Anne Frank is without doubt a person that appeals to the imagine of many. Everybody knows the story of the 13/14 year old Jewish girl who has to hide for the Germans. She writes in her diary letters to an imaginary friend. After two years in a secret annex of her father’s business in Amsterdam, the Frank family and several others who shared this space with them, are discovered and sent to Auschwitz. In November 1944 Anne and her sister Margot move to Bergen-Belsen, while their parents stay behind in Auschwitz. The living conditions in Bergen-Belsen are terrible. There is no food, it is cold and moist and there are many infectious diseases. Both girls become sick. Margot dies first in February 1945, followed by Anne. Their mother Edith dies in Auschwitz, father Otto survives the war. In 1947 he publishes the letters from Anne’s diary.
Although we know a lot about the Frank family and their life during the war, one mystery lasted until today. Even after more than 75 years nobody really knows who tipped off the authorities about the hiding place of the Frank family.
Cold case team
Last week the Canadian write Rosemary Sullivan published her new book, The Betrayal of Anne Frank. The book is about the results of a cold case team, which started in 2017.
Retired FBI agent Vince Pankoke and a team of Dutch experts started four years ago an investigation into the person or persons who betrayed the Frank family. The team believed that the approach by a team of forensic experts would lead to different and new conclusions. The team looked at many scenarios and were able to rule out all of them except for two or three. The most prominent theory is that the Jewish notary Arnold van den Bergh betrayed the family and the others in the secret annex. He gave a list of names of Jewish families and their hiding places to the authorities. Most likely to save his own life.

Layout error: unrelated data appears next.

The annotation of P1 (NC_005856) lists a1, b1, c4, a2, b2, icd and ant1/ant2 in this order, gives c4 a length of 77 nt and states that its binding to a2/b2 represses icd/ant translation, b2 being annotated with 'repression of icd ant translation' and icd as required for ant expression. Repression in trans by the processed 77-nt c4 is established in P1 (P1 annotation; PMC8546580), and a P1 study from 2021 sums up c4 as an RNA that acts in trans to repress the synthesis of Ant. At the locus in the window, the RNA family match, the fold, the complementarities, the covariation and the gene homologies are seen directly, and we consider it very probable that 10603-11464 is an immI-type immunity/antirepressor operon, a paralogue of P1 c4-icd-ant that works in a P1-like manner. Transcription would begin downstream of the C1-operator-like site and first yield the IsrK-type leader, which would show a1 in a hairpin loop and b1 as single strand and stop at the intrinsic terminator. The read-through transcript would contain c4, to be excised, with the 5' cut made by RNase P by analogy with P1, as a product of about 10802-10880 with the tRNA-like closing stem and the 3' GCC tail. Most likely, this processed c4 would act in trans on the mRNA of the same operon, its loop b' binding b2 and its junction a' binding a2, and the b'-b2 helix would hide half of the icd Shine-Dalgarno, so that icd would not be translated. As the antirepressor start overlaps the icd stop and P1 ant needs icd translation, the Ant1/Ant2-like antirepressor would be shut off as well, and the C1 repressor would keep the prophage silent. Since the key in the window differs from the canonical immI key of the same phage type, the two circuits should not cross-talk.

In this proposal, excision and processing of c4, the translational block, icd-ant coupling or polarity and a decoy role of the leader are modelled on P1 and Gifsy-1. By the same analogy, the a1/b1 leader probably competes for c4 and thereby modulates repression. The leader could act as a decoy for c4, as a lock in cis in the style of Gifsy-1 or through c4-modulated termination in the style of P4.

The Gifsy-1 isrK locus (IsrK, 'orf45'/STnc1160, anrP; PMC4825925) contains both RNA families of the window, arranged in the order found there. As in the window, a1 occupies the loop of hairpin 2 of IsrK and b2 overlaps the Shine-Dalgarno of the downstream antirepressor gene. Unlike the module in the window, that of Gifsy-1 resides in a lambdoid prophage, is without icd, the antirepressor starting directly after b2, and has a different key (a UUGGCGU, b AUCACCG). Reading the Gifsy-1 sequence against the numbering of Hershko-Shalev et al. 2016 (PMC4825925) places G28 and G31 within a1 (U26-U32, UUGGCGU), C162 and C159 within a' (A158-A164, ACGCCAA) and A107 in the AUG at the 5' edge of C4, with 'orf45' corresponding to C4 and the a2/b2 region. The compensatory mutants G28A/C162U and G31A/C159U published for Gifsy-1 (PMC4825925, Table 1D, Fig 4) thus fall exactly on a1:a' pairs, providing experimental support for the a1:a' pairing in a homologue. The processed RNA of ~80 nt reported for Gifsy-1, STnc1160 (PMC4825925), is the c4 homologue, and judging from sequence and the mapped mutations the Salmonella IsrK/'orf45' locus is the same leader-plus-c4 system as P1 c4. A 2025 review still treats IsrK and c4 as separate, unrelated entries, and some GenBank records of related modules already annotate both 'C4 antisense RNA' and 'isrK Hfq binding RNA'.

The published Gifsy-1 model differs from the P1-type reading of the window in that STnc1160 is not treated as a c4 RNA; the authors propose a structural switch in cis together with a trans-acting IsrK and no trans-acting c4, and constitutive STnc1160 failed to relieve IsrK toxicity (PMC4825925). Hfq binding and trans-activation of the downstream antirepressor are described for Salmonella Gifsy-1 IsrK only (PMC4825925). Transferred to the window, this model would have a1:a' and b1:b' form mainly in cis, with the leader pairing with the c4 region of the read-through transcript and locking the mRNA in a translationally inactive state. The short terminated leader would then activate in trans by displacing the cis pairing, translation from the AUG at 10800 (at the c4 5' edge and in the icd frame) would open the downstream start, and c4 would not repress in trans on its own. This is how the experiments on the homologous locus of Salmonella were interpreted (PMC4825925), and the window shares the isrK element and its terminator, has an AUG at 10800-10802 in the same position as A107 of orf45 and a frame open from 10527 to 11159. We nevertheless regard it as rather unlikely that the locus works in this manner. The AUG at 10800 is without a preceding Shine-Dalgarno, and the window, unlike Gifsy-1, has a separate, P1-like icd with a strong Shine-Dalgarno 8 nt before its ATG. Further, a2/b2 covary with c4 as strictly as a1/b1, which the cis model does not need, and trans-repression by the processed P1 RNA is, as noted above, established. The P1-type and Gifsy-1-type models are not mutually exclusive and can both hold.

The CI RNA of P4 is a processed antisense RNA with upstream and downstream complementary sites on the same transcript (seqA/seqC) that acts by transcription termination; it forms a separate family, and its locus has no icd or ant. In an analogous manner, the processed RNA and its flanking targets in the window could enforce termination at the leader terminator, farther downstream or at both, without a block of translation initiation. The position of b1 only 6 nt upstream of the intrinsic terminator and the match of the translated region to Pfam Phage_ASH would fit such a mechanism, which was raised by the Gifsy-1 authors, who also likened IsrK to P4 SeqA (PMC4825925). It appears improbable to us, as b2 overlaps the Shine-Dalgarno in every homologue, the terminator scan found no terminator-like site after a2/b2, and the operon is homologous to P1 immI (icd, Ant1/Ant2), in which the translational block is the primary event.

The publication of the book has led to many different reactions. A granddaughter said that the family is upset. They cannot believe that their grandfather is behind the betrayal. A spokesman stated that the book affects the family’s good name and reputation.
Newspapers explained how they had to sign a secrecy agreement. They could not check and verify the facts in the book. David Barnouw wrote a book about the case in 2003. He said he believes there is not enough proof to accuse the Jewish notary.
The New York Times published a book review. The newspaper also spoke with a Dutch researcher at the Netherlands Institute for War Documentation.
Most experts have come to the conclusion that evidence about the existence of a list with names of Jewish and their hiding places is paper thin. And thus that it is absolutely not certain that Arnold van den Bergh had such a list.
The Anne Frank House has released an official statement. “The Anne Frank House is impressed by the cold case team’s detective work, but key pieces of the puzzle are still missing.” Its director said “that the conclusions go too far. You must not mark someone down in history as the betrayer of Anne Frank if you do not have conclusive evidence for this.”
The publication of this book makes it clear again that after so many decades it is still difficult to research events that took place in the war. It also demonstrates once again how sensitive these types of investigations are, for all those involved. It is obvious we must conduct studies such as these with the utmost care.